Who benefited most from pandemic stimulus payments?
A government watchdog agency said it couldn’t really study the impact of the CARES Act stimulus payments. Here’s why.
Within a week in mid-May, there was a mass shooting in Buffalo, a stock-market selloff on Wall Street and a heated primary election in Pennsylvania. In the midst of it all, the Government Accountability Office released a report with an unsettling conclusion.
The government watchdog agency told Congress that it couldn’t figure out if the massive pandemic stimulus bill — the Coronavirus Aid, Relief and Economic Security Act — reached everyone it was supposed to help, or if it mostly benefited white, male taxpayers, for example. There’s no way to accurately track the payments by race or sex, wrote Jessica Lucas-Judy, director of strategic issues at GAO.
“Our analysis is limited by a lack of tax and demographic data,” she added, pointing out that current laws bar the IRS from asking people their race or sex in most situations, or from getting that data from other federal agencies.
She recommended that Congress change the law to make it easier for the IRS to obtain demographic data. So far, no one has proposed such a bill.
When Congress passed the CARES Act in March 2020, it became the largest stimulus bill in U.S. history. The law funneled $1.8 trillion to businesses and individuals at a time of widespread layoffs and business closures. That included sending $1,200 to most people earning less than six figures, plus $500 per child.
While the relief bill was credited for helping lift the economy out of a recession, economists later discovered that the tax changes mostly benefited millionaires. Other research suggests that millions of poor Americans may not have received the money because they’re not required to file tax returns and may have struggled to apply for the payments online. Some may not have known that they needed to apply for it.
Congress had asked GAO to study the law’s impact on different racial and gender groups. The agency’s conclusion: That’s nearly impossible.
Demographic data is urgent for researchers to understand how tax policies affect people of different races, said Elaine Maag, a senior fellow at the Urban-Brookings Tax Policy Center.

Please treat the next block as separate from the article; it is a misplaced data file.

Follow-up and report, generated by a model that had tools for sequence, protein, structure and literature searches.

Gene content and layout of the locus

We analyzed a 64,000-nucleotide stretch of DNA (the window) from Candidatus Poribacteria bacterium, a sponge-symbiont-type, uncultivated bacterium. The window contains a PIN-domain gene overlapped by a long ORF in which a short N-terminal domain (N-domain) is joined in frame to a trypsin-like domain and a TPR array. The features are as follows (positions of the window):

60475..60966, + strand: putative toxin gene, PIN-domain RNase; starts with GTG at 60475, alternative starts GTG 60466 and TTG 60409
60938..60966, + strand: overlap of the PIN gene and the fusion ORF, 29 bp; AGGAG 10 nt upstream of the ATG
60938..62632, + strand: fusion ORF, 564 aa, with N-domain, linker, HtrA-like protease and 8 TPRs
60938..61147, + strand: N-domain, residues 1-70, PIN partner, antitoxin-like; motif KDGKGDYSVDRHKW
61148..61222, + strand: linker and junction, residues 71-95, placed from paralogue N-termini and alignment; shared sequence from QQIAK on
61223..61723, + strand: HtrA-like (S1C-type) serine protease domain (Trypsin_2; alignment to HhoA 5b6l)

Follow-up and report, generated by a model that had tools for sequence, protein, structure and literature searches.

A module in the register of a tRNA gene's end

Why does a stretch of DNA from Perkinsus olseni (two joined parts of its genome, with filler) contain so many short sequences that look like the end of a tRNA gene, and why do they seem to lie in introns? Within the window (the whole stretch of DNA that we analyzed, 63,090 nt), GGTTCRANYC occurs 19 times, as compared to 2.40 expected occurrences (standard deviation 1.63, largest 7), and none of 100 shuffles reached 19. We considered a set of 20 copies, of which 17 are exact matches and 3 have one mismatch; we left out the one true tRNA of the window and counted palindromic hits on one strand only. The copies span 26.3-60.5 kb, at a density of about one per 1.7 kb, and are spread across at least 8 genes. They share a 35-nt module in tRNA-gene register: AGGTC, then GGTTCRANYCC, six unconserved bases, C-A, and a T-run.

“The tax code doesn’t say, ‘I am only going to give child tax credits to white people.’ But if it’s designed in a way that Black families are less likely to get the credit, then that’s a problem,” she said. Using survey data, Maag’s research suggests that Black and Latino families were far less likely to receive the extra child tax credit from a later pandemic stimulus bill — a loss of up to $3,600 per child. But without hard data, the true impact is unclear.
It’s no secret that the U.S. tax code indirectly benefits wealthier, white taxpayers. This is something that researchers have long argued. For example, the federal government’s previous policy of refusing to back mortgages in Black neighborhoods, known as “redlining,” lowered property values in those neighborhoods over generations. As a result, homes in majority-white neighborhoods increased in value at a higher rate. The higher property values have translated into larger tax breaks on mortgage interest payments.
But the racial disparities from many other tax rules, including those in the pandemic relief bills, remain uncertain. One of the people in charge of crafting tax policies for the Biden administration admitted as much during a June 2021 House hearing.
“Until we have that data — we have many anecdotes I guess we can talk about — but having that data would really allow for a high level of sophisticated discussion of what the impacts are and allow them to be taken into account in developing policies going forward,” said Mark Mazur, then deputy assistant secretary for tax policy at the U.S. Department of Treasury.
Sen. Ron Wyden, D-Oregon, chairman of the Senate Finance Committee, had asked GAO to study potential inequality in the CARES Act payments. He said in a statement that he agrees with the report’s recommendation that Congress should make it easier for federal agencies, such as the Census Bureau, to share demographic data with the IRS and promised to make that happen. He did not mention how or when.
Wyden’s office did not respond to a request for comment from the Center for Public Integrity.
Lucas-Judy, of the GAO, told Public Integrity that she’s not aware of any efforts by Congress to change the law.
Too often, reports like these are ignored, said Maag, of the Tax Policy Center.
“I think, unless it becomes a priority of the public and lawmakers, then we won’t see any change,” she said.
Reprinted by permission of The Center for Public Integrity.